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‘Corpse Craft’ for iPad Review – Delivering On A Promising Name

Character can be a dangerous thing. All the narrative, charm, or wit in the world can be churned into mush if the foundation it sits on is unsound. Games that are able to inject doses of character into their tried-and-true fundamentals are special. They’re hard to put down, even harder to forget, and inarguably solid.

Corpse Craft [Free] manages to be this type of game. It’s no-nonsense approach and mixture of two different genres works spectacularly well, while its clever veneer adds a delectable flavor to the play.

But let’s start at the beginning, shall we? Corpse Craft is a castle vs castle title with a matching twist. The UI itself has a built-in matching-game puzzle board. Each color within this board represents a different kind of material that you can use to build your soldiers, which are represented in the game just above the UI. The more dramatic the match, the more materials you’ll receive as a result.

Materials aren’t figurative and the soldiers are people… sort of. The game draws its name its peculiar choice of castle vs castle troops: cobbled together, reanimated flesh. In a way, this is castle battle “Frankenstein" minus all that stupid “What is it to be human?" crap. Also, there’s no stalking.

Once material is gathered, you can build a butcher knife-equipped attacker or even a mix-and-match consisting of a female’s head held up by multiple hands. Later, you’ll be able to build a disgusting rolling sphere of interconnected parts or defensive creatures with multiple arms.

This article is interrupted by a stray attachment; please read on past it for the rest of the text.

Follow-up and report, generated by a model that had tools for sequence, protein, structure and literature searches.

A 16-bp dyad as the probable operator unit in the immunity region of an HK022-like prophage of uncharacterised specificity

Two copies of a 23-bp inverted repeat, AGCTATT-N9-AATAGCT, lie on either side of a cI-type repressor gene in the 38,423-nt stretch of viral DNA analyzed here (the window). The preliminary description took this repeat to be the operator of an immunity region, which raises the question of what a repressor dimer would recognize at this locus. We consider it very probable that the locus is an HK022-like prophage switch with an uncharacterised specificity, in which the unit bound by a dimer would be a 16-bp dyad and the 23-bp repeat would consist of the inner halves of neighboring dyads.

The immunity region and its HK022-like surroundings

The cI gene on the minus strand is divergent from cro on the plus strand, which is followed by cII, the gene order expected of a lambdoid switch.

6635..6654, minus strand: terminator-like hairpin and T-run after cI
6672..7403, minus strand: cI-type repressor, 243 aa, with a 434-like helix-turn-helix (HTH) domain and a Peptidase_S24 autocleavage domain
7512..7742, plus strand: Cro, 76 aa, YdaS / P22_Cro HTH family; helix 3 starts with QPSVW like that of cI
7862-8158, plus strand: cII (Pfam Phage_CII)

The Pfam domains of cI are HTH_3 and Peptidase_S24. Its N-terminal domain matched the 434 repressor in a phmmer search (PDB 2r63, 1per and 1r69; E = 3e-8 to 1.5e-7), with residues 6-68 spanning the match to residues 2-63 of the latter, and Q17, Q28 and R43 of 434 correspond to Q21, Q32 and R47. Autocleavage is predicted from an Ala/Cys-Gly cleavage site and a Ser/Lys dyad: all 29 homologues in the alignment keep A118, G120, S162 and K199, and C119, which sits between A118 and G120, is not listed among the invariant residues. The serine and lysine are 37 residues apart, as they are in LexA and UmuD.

What’s important to get here is that each soldier has its own specialization, as well as a flaw. And while these guys are all separate, they do share one thing in common: a quirky, yet dark and original character.

The weird, but whimsical aesthetic is present throughout the title, soaking the atmosphere in its quirk. You’ll notice that Corpse Craft has a delightful pen-and-ink approach reminiscent of Graham Annable’s “Grickle." It’s an approach that keeps the gruesome in the forefront, but doesn’t dish out copious gore. The narrative follows the art’s lead, presenting the macabre substance via grim singsong poems.

Since we’re dealing with monsters here, it’s only natural that there’s a day and night mechanic. At night, your abominations can attack and defend at will. But during the day, the entire board is wiped clean of the reanimated, leaving you to gather resources until the next night falls.

Depending on how good you are, you may only see more than a dozen nights, as there appears to be around 16 levels in the game. I wish I could confirm this, but there’s a sharp difficulty spike just beyond this “free" title’s pay wall. (Yes, Corpse Craft is one of those “Buy the full game" games.) The AI in these later stages turns into corpse grinders, able to blast out many more soldiers than you can within short spurts. A good deal of strategy is required and, unfortunately, luck. I’ll note though that nothing seems impossible to beat.

In addition to a campaign, there’s a Survival Mode and an online component, which presents 1 vs. 1 or 2 vs. 2 play via Game Center. The online sounds cooler in theory than what it actually is. The simplicity of the matching component lends itself to spamming blocks for massive amounts of soldiers, which turns out not to be so grand when you, and not the AI, is on the receiving end of the punishment. Again, this is where luck rears its head. If you get a bad board, you’ll probably lose since there’s not much complexity to Corpse Craft.

Regardless, it’s hard not to love Corpse Craft for solely for its slick character, so it’s really nice that it sits on such a solid foundation. I’ve enjoyed my time with the game immensely and I expect many others will as well. Go ahead and give the game a download — you’ll easily get a good enough indication of how much you’ll dig the game before you hit its pay wall.